The Little Girl

A short story that follows a little girl through her childhood and adulthood, being heavily surrounded by feminism, even though she does *not* support feminism herself. She must figure out how to overcome this challenge since it seems to be so prominent in her life.

Our story begins with a little girl. This little girl was born to amazing parents, who cared for their daughter deeply. They wanted the best for her in life, and were curious to see what career path she would choose later on in life.

The little girl was then enrolled into elementary school. Being young and still naive about the world, school was not a big deal for the girl. She gravitated towards traditionally feminine clothings and toys. But socially, she noticed she seemed to get along better with her male counterparts. She was indifferent about this, though. Or at least, she was indifferent about it until second grade. Her class was having a little election for two people to be president and vice president of the class. The girl could care less, but it was mandatory, so she sucked it up and went through with it. She had to write a small paragraph about why she would be a good president, which seemed simple enough. Before the teacher counted the votes, she mentioned something that struck the girl’s curiosity. The teacher had mentioned how there had never been a female president. Why had this struck the girl’s curiosity? Because it didn’t matter to her. It made her curious why her teacher had even bothered to mention it. After counting the votes, the little girl had become vice president of the class. She had lost by one vote to her male counterpart. She felt apprehensive about it, though. She didn’t want people voting for her solely because she was female. She didn’t want to receive extra praise, just because she’s female. The logic didn’t make sense to her. Shouldn’t they only praise her because she was doing a good job?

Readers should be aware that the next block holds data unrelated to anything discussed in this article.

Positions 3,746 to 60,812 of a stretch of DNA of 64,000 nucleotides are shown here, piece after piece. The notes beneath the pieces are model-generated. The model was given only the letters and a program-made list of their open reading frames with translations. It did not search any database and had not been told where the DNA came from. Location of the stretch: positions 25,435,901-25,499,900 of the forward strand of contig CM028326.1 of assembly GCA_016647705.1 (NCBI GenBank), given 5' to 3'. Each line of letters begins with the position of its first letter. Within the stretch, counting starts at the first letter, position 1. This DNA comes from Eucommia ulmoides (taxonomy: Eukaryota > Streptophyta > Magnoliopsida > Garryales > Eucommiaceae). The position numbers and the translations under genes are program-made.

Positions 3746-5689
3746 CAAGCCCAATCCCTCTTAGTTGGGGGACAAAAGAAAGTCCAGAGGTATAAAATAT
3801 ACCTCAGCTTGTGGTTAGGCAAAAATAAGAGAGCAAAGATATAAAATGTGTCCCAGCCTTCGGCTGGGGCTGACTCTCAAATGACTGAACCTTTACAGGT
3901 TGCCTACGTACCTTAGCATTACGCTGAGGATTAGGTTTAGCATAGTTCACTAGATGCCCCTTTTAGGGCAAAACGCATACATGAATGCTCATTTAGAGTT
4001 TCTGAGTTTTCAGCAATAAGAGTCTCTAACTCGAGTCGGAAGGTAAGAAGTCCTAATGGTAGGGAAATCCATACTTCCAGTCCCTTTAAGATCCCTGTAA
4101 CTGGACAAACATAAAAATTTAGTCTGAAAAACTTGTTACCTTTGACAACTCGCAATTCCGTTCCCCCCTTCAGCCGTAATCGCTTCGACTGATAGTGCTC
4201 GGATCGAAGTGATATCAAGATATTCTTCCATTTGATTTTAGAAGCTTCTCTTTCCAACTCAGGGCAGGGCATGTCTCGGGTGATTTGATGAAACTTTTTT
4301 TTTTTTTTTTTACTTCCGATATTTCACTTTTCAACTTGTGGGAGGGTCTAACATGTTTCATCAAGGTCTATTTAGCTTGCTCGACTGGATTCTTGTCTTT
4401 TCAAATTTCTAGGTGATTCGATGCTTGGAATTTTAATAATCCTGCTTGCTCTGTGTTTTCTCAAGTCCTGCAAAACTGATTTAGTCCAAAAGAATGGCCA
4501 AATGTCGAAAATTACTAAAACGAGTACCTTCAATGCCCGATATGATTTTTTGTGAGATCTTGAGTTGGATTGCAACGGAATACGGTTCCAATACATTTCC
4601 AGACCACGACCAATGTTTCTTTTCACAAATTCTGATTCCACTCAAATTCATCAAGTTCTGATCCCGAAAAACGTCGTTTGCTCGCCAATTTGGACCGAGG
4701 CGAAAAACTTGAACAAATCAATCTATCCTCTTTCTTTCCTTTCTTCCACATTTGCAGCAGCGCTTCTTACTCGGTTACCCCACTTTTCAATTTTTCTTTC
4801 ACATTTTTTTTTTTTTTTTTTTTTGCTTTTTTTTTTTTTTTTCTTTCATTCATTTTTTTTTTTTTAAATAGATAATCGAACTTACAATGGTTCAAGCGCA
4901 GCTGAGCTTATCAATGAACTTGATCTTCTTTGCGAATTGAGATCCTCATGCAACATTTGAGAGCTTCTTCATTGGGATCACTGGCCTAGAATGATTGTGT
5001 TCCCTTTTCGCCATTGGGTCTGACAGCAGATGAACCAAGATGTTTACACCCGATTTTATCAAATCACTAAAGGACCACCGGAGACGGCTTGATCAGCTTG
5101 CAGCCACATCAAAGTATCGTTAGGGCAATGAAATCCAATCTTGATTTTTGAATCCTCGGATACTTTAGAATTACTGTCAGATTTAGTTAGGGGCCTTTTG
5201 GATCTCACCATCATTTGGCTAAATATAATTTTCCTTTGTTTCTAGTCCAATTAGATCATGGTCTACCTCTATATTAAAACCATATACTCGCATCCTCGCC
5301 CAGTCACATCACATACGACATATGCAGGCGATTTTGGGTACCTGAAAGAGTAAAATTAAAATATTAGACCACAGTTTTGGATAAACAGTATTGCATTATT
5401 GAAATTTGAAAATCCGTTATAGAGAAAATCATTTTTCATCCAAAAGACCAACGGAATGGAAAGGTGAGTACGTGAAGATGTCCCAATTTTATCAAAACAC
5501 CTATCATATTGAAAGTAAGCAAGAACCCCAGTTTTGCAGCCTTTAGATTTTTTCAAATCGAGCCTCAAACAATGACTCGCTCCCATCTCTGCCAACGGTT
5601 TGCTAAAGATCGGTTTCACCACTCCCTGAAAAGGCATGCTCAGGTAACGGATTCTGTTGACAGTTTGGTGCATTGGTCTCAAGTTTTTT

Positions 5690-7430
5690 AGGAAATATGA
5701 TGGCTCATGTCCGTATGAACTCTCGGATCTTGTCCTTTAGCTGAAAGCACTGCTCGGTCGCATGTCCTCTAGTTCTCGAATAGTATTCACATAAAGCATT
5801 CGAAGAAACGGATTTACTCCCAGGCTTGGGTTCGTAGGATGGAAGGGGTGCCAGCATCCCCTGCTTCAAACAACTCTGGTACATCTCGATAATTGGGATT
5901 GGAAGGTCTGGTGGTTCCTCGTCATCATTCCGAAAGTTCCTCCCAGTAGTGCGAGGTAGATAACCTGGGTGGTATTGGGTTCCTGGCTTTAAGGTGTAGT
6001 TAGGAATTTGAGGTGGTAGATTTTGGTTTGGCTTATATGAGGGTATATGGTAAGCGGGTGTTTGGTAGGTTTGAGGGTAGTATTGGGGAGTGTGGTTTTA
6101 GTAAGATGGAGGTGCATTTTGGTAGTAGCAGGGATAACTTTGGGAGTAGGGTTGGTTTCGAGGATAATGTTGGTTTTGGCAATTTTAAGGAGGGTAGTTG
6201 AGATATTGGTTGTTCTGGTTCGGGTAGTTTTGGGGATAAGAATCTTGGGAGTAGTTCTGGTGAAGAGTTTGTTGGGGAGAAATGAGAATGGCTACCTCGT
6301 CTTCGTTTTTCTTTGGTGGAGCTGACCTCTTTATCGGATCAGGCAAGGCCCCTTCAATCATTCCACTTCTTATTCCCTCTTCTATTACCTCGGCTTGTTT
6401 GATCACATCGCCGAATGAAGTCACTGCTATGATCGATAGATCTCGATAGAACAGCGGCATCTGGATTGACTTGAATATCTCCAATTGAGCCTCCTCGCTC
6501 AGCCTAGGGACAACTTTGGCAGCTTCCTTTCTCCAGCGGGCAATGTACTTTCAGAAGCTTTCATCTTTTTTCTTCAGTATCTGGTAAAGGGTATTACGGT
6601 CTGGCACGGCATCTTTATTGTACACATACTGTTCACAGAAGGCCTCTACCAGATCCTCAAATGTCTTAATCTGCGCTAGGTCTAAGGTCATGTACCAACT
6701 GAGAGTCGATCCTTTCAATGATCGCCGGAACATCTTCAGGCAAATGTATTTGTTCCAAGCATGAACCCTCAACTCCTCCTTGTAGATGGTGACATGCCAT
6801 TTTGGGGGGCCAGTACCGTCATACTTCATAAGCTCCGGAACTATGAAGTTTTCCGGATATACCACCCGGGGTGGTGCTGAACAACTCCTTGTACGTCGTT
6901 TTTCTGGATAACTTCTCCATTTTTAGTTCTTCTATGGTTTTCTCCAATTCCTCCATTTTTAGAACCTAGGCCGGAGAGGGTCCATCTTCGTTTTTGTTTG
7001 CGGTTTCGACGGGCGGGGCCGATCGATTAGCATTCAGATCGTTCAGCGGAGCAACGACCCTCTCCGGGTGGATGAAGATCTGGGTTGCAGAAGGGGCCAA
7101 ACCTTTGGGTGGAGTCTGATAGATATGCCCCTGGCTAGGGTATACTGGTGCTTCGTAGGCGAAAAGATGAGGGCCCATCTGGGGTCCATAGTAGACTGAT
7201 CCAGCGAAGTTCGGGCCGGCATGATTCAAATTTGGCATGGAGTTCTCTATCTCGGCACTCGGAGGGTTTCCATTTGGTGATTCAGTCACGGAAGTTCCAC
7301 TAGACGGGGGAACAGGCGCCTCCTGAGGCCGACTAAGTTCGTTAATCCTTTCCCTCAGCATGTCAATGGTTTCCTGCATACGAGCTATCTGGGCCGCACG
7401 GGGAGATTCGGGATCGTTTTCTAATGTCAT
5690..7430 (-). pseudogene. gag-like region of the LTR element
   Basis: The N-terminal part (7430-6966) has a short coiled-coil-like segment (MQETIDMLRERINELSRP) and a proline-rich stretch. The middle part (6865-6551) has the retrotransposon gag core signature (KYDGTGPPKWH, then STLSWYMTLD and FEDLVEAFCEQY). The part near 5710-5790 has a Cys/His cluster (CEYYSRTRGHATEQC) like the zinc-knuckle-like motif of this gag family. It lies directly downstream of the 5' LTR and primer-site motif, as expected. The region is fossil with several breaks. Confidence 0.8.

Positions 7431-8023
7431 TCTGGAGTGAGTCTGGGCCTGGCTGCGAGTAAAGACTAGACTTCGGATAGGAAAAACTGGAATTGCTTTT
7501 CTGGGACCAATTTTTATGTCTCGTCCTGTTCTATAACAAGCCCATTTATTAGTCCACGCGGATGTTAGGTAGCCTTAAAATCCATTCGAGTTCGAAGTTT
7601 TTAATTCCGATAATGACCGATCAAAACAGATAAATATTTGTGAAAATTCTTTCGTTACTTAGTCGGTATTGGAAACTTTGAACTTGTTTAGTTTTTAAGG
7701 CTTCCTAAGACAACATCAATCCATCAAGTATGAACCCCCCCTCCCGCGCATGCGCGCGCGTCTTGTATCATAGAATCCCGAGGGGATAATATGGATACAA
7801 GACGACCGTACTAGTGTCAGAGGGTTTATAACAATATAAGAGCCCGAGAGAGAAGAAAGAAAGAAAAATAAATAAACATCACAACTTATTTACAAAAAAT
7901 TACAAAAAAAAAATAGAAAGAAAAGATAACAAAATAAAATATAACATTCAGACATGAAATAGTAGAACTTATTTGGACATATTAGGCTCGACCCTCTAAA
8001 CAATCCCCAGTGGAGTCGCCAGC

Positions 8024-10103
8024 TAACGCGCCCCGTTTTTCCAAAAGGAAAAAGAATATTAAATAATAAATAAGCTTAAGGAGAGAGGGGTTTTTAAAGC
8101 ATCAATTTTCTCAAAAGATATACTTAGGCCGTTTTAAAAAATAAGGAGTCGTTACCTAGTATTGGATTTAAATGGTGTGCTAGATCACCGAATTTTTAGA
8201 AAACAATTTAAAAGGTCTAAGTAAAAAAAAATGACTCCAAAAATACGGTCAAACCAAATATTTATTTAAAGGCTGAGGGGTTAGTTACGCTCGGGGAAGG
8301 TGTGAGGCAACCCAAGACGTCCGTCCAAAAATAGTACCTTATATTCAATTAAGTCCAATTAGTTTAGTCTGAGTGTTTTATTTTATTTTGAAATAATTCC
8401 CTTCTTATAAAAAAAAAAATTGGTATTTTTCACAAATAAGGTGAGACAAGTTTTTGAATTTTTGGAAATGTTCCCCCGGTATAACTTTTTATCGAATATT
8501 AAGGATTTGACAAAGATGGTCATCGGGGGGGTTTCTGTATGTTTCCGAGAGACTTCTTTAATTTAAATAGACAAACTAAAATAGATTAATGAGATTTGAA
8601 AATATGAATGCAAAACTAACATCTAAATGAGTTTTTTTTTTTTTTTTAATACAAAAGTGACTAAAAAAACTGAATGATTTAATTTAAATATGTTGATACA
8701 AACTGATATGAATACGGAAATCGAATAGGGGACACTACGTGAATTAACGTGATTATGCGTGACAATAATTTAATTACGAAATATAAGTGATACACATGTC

The older the girl got, the more aware she became of the world, and her surroundings. After all, it was the age of the internet and everybody seemed to be on social media. She decided to join a running program, just to get some exercise. However, this program highly embraced female empowerment. The girl did not care for this however, she just wanted the exercise. She didn’t think anything more of it.

The little girl started to become unsure of herself. All her peers seemed to know what career path they would choose as they got older. The girl didn’t know what she wanted to do with her life down the road. She didn’t have any particular field in mind, either. This worried her, but she attempted to shake it off.

Life went on, and the girl started middle school. She was much more aware of things going on in society, as she begun seeing various types of posts online about the current times. She again came to realize that she just simply got along better with guys than girls. She often didn’t like working with girls, as she would get shoved feminist values in her face. In general though, she did have female friends. She just didn’t like the fact that just because she was female, others assumed she must automatically be a feminist, like them. She didn’t like when women would tell her to support other women, just because they are female. Then race started getting involved, too. She was told to support other people of color, solely because she is a person of color herself. Again, she asked herself, why can’t I support someone, based on how good they are at their job, or their actual contribution to society? Why do I have to only support people that look like me? Why must we label them, and then give them extra praise for it? Why did it seem like supporting a white person, more specifically a white male was bad? Whenever she would do so, she got a confused stare from some of her peers, and they would suggest other people.

The girl eventually went on to start her journey in high school. Now, it seemed as though she was hyper aware of everything. She didn’t really like how everything nowadays seemed to have some sort political undertone to it, regardless of whether it actually involved politics or not. Or perhaps it had always been that way, and she never noticed. Now that she was older, she kept getting recruited by other people of color for minority-based programs. They always seemed so excited about it, but the girl just couldn’t bring herself to share that same enthusiasm. She understood the intended purpose of these minority-only programs, but she couldn’t bring herself to actually support it. The programs only accepted people who were deemed under-represented. She appreciated the fact that they were giving a minorities a chance to really go out and pursue what they wanted in the world, but she felt that the execution was poor. It felt as though they were fighting discrimination with even more discrimination. Does fighting fire with fire really work in this situation?